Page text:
Beautiful Gowns: Our Review of ‘The Pale Blue Eye’

Posted in Netflix, Theatrical, What's Streaming? by - January 04, 2023
Beautiful Gowns: Our Review of ‘The Pale Blue Eye’

Despite of a messy final product, Scott Cooper’s adaptation of The Pale Blue Eye deserves a lot of credit for the way its art direction transports its viewers to its setting. That setting, by the way, is 1830s Hudson Valley in New York. Every room has objects reminding us of what kind of technology is available at the time. Through Stefania Cella’s work, these objects stand out without calling too much attention to themselves. After all, the film still has to turn its spotlight to its mix of veteran and rising stars. One of those ‘veterans’ include Christian Bale, who plays Augustus Landor.

Augustus is a detective who investigates a series of murders claiming the lives of the students of the burgeoning US Military Academy. Helping Augustus investigate is one of the Academy’s cadets, a young and expectedly weird Edgar Allan Poe (Harry Melling). The Pale Blue Eye‘s production design also makes it almost tolerable. Its frills do their best to distract the viewers from an otherwise bleak wintry thriller film. The costumes have a similar effect. The reason I bring up the costumes is because yes, the cadets look good in traditional uniforms. But the women look better in Victorian gowns, even if they may not be period accurate.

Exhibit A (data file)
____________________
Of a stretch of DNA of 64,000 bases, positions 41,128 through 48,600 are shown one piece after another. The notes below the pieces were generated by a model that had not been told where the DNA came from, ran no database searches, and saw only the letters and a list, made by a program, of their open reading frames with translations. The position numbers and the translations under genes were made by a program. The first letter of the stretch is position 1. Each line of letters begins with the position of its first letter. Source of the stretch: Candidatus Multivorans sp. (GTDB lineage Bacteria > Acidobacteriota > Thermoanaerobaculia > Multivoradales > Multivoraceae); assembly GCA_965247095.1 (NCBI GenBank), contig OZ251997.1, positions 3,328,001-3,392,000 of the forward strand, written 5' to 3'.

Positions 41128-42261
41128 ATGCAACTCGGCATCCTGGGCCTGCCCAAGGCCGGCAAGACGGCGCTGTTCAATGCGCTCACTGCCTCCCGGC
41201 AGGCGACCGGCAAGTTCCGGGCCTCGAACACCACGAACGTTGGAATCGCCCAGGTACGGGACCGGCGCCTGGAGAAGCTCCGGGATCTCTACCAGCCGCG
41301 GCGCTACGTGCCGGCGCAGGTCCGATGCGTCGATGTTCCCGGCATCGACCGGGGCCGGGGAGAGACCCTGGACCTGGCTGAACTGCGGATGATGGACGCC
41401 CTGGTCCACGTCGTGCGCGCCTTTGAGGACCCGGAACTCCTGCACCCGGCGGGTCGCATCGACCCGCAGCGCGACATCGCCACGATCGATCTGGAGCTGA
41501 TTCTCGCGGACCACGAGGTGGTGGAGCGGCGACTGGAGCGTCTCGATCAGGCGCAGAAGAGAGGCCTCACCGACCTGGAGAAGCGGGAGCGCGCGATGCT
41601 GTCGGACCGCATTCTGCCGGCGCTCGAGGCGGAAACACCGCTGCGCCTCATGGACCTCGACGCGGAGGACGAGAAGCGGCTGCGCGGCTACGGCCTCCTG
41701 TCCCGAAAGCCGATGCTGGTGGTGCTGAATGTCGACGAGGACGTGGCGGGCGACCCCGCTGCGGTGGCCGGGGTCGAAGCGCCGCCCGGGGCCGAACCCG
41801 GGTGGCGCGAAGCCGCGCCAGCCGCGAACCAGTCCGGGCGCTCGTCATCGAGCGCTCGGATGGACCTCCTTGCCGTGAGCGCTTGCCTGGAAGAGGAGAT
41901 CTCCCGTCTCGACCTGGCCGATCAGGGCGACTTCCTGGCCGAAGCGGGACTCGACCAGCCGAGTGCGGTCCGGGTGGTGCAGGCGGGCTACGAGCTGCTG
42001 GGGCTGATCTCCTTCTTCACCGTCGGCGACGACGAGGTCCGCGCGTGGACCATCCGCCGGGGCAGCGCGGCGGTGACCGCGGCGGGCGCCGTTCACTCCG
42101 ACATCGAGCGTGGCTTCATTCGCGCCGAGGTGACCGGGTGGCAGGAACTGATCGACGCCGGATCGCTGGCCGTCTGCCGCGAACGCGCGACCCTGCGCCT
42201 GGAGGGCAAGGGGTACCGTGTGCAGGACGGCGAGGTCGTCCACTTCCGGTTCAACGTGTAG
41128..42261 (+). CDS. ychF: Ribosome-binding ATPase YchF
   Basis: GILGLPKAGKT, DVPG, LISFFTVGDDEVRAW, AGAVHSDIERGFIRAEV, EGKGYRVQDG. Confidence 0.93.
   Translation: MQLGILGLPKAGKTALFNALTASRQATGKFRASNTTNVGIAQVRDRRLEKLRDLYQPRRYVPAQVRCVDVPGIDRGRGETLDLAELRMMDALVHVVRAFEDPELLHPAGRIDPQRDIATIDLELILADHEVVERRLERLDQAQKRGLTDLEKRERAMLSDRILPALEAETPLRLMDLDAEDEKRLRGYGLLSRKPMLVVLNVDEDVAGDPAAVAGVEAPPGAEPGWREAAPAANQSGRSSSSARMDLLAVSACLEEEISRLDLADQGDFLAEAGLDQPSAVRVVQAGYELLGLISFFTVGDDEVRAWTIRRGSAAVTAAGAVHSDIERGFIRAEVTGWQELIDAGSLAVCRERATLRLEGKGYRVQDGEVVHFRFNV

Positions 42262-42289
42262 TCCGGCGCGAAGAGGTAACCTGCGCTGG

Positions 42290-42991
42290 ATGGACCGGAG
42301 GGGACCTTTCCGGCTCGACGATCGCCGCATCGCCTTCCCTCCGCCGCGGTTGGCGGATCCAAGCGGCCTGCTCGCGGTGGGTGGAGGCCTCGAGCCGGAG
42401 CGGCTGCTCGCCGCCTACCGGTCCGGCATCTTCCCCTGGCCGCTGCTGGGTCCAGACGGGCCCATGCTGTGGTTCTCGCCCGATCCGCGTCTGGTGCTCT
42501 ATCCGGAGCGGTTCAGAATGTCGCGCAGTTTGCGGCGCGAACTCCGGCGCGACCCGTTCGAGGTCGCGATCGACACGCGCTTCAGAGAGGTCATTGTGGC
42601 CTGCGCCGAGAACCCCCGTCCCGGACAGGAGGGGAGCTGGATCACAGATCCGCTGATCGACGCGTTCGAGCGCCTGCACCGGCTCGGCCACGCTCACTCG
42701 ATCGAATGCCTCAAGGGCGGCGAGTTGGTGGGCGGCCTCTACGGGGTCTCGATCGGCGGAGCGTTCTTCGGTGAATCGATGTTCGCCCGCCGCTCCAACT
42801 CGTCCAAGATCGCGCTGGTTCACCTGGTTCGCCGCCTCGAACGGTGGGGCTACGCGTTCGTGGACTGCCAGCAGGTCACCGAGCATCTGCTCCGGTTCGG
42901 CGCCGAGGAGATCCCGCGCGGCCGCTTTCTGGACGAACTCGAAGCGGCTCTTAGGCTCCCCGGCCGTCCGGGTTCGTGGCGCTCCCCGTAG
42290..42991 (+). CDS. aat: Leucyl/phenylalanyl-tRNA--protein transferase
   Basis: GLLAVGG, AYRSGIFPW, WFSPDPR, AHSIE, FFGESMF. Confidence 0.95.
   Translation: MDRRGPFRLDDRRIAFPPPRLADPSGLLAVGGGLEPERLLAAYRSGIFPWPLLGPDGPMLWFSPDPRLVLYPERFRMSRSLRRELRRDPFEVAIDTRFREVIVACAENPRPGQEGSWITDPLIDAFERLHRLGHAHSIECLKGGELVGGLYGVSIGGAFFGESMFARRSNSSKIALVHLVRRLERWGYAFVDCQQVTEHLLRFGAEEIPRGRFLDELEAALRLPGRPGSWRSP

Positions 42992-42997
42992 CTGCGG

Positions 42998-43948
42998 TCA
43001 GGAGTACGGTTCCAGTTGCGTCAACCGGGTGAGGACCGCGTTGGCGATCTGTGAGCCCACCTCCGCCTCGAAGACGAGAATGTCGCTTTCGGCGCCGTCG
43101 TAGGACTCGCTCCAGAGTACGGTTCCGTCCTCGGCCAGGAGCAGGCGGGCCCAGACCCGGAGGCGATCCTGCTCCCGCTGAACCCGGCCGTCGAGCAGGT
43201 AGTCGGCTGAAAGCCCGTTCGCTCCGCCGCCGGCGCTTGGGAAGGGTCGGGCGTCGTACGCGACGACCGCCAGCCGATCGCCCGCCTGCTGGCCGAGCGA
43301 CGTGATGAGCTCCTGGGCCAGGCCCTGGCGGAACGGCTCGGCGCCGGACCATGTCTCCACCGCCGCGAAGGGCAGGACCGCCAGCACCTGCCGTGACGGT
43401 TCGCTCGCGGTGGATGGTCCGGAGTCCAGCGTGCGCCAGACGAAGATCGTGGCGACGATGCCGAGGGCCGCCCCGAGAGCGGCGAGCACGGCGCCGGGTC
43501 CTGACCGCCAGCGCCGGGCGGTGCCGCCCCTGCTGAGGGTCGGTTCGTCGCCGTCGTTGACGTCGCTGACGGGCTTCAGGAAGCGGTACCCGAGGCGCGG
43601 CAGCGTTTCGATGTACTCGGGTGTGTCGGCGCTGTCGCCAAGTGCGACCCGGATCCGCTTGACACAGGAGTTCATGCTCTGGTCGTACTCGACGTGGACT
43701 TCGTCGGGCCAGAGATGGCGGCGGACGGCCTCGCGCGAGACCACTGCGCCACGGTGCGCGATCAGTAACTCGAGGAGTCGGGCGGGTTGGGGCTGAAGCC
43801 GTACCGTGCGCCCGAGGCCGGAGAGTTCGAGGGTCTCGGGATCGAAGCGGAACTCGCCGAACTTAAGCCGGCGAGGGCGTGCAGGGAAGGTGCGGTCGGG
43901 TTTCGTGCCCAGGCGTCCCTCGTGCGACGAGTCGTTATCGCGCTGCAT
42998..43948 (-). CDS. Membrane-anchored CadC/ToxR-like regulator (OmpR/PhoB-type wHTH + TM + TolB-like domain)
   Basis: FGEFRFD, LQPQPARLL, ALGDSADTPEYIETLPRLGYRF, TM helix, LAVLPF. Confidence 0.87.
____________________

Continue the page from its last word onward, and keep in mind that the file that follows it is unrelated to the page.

Edgar manages to both be Augustus’ sidekick while trying to romance Lea Marquis (Lucy Boynton), the daughter of the Academy’s coroner (Toby Jones) and his wife (Gillian Anderson). Lea’s sickly nature somehow makes her more attractive to Edgar’s eyes, seeing her as the kind of person he can care for. Augustus is neutral on this romance except that it distracts from both of them finding out who the killer is. Or does it? The Pale Blue Eye‘s isn’t its bleakness, but its otherwise balanced atmosphere can’t cover up its terrible third act. I can imagine its source material being good in a pulpy way that doesn’t translate well in this format.

The Pale goes back and forth to Augustus confronting one of the killer’s henchmen while the killers are trying to strike again. And a confrontation like this feels very Bond movie. Why isn’t Augustus just running to where the crime is taking place? Without spoiling anything, the killers always return to the scene of the crime, so he can just run there. This can make the movie a few minutes longer than it needs to be. Of course, even if viewers are reaching the denouement, there are twists that feel unnecessary. It also doesn’t help that Melling overacts in many of his scenes, which feels like dropping a fire on top of old ruins.

The Pale Blue Eye already came out in select theatres and hits Netflix this Friday.

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While Paolo Kagaoan is not taking long walks in shrubbed areas, he occasionally watches movies and write about them. His credentials are as follows: he has a double major in English and Art History. This means that, for example, he will gush at the art direction in the Amityville house and will want to live there, which is a terrible idea because that house has ghosts. Follow him @paolokagaoan on Instagram but not while you're working.
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